Below right, a Tervueren with the "correct" masking. (Photo from Wikipedia by Ulrik Fallström and licensed under the Creative Commons Attribution-Share Alike 2.5 Generic.)

BETervueren.jpg The Groenendael is a rough coated all-black dog. This is the dog that is known in the USA as "The Belgian Sheepdog". Its size is between 22 and 26 inches.

The Laekenois has a wire-haired coat and an appearance similar to the Picardy. The color is tan and white, sometimes with black shading on the muzzle and tail, which implies a gene for either sable or melanistic mask (see our Glossary). This type developed as a herding dog at the Royal Castle of Laeken, the seat of the Belgian Royal Family, north of Brussels. It is considered the oldest and most rare of the four Belgian types.

The Malinois is a smooth-coated dog similar in looks to the GSD. The coat is tan (called mahogany) with a black mask. In size it is similar to the Groenendael. Also, like the GSD, it is used primarily as a working dog for police work, search and rescue, protection, and dog sports.

The Tervuren is a rough-coated dog similar in appearance to the Groenendael, but with a sable coat (called red) and black mask.

The Leauvenaar and the Schipperke

BE20-SchipperkesCa1897pub.jpgLeft, two Schipperkes, circa 1897, "Midnight" and "Darkness", that belonged to W.J. Comstock, Providence, R.I. (Photo in the Public Domain.)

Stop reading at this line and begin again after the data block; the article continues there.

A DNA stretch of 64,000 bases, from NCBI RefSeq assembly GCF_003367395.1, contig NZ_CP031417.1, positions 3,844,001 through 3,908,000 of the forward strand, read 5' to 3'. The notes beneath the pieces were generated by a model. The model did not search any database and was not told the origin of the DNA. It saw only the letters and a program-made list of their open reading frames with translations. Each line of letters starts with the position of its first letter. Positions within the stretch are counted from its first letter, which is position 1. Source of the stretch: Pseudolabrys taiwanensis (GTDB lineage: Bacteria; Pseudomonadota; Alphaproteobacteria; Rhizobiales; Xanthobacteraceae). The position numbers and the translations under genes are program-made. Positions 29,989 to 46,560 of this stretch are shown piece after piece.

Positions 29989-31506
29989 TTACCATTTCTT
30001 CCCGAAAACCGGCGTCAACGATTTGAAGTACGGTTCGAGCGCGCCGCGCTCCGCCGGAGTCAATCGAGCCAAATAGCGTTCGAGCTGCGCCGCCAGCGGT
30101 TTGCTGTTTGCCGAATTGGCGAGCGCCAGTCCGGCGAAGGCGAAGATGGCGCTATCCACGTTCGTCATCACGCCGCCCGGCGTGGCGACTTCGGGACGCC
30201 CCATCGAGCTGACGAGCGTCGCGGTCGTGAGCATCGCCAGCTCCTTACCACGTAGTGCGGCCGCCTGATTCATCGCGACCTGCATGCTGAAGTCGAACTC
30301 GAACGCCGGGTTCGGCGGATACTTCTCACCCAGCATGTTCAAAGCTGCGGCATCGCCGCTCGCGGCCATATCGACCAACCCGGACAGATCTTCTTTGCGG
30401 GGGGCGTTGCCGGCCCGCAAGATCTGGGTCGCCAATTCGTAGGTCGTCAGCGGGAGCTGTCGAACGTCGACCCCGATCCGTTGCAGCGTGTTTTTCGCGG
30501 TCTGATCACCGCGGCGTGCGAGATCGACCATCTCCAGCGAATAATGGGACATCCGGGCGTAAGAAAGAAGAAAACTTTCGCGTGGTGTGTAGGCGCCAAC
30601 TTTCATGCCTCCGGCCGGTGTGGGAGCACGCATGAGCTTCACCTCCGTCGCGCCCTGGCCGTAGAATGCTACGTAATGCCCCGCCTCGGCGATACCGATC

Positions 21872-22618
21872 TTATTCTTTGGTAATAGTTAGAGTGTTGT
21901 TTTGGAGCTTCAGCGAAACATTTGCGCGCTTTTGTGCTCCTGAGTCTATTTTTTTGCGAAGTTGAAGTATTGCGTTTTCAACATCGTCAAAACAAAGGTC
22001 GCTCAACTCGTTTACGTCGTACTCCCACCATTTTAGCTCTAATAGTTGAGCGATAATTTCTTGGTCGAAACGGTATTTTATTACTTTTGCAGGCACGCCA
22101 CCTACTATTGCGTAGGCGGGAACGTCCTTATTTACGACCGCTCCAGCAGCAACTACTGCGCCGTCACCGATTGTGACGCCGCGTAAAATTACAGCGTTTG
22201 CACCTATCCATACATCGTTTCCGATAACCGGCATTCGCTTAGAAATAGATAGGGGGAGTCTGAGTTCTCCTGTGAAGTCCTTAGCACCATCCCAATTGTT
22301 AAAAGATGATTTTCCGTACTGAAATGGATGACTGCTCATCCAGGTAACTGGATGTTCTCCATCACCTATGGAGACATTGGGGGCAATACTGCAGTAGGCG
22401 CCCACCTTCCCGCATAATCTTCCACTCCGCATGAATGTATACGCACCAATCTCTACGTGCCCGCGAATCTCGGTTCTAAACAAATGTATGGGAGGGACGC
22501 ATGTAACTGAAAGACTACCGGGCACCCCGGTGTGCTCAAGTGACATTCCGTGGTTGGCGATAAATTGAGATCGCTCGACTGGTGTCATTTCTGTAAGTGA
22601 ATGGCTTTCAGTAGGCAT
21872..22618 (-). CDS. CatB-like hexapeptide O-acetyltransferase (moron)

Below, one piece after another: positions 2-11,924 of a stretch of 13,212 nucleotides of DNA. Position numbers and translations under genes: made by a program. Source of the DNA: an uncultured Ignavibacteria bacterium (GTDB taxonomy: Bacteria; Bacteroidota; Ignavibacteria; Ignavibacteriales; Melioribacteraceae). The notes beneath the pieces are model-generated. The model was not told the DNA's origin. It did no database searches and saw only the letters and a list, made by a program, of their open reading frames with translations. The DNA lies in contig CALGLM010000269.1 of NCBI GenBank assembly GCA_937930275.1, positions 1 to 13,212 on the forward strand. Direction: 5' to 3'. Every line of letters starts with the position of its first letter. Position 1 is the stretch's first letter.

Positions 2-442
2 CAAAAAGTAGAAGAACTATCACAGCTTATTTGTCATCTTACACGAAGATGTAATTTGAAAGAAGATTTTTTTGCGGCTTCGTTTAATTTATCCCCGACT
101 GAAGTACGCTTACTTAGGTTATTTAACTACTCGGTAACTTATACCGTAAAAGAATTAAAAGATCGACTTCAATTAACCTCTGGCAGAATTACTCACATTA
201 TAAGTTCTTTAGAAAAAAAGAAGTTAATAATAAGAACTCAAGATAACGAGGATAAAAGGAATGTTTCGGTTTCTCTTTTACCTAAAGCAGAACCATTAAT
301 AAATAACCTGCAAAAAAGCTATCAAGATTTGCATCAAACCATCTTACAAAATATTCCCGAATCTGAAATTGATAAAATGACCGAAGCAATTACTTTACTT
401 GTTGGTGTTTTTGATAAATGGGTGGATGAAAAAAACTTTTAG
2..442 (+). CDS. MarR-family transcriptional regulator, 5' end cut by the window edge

Leauven is the capital of Flemish Brabant, a region in the Flemish area of Belgium. At one time there was a sheepdog from this region, called the Leauvenaar, but since little or no information is available on it except to say it was an all-black medium-sized dog, it is likely that this dog is extinct. It was possibly of the spitz family. It is said that the Schipperke, and maybe even the Groenendael, originated in the Leauvenaar, and that the Schipperke was developed by breeding down the Leauvenaar when, sometime in the early 19th century, peasants were restricted in the size of dogs they could keep. However, others say that the Schipperke has been around since at least 1690 when a show for Schipperkes was held in the Grand Place de Brussels. The Schipperke has been known to have retained some herding ability from its sheepdog ancestor, and its name may be a corruption of the Dutch word scheperke or "little shepherd"; but it was primarily used as a small watchdog on the Dutch barges, as a vermin control dog, and for nipping (or, you might say, herding) the heels of the horses that towed the barges to keep them moving.

Copyright © 2014 by Carole L. Presberg


Canadian Kennel Club: Schipperke www.ckc.ca/en/Default.aspx?tabid=99&BreedCode=SHP

Niavana Belgian Shepherds www.niavanabelgians.co.uk/new_page_3.htm

Wikipedia: "Belgian Shepherd Dog (Groenendael)" en.wikipedia.org/wiki/Belgian_Shepherd_Groenendael

Wikipedia: "Belgian Shepherd Dog (Laekenois)" en.wikipedia.org/wiki/Belgian_Shepherd_Laekenois

Wikipedia: "Belgian Shepherd Dog (Tervuren)" en.wikipedia.org/wiki/Belgian_Shepherd_Tervueren

Wikipedia: "Belgian Shepherd Dog (Malinois)" en.wikipedia.org/wiki/Belgian_Shepherd_Malinois

Worldly Dogs: "Belgian Breeds - The Groenendael (www.worldlydogs.com/groenendael.php)

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Last modified: January 3, 2014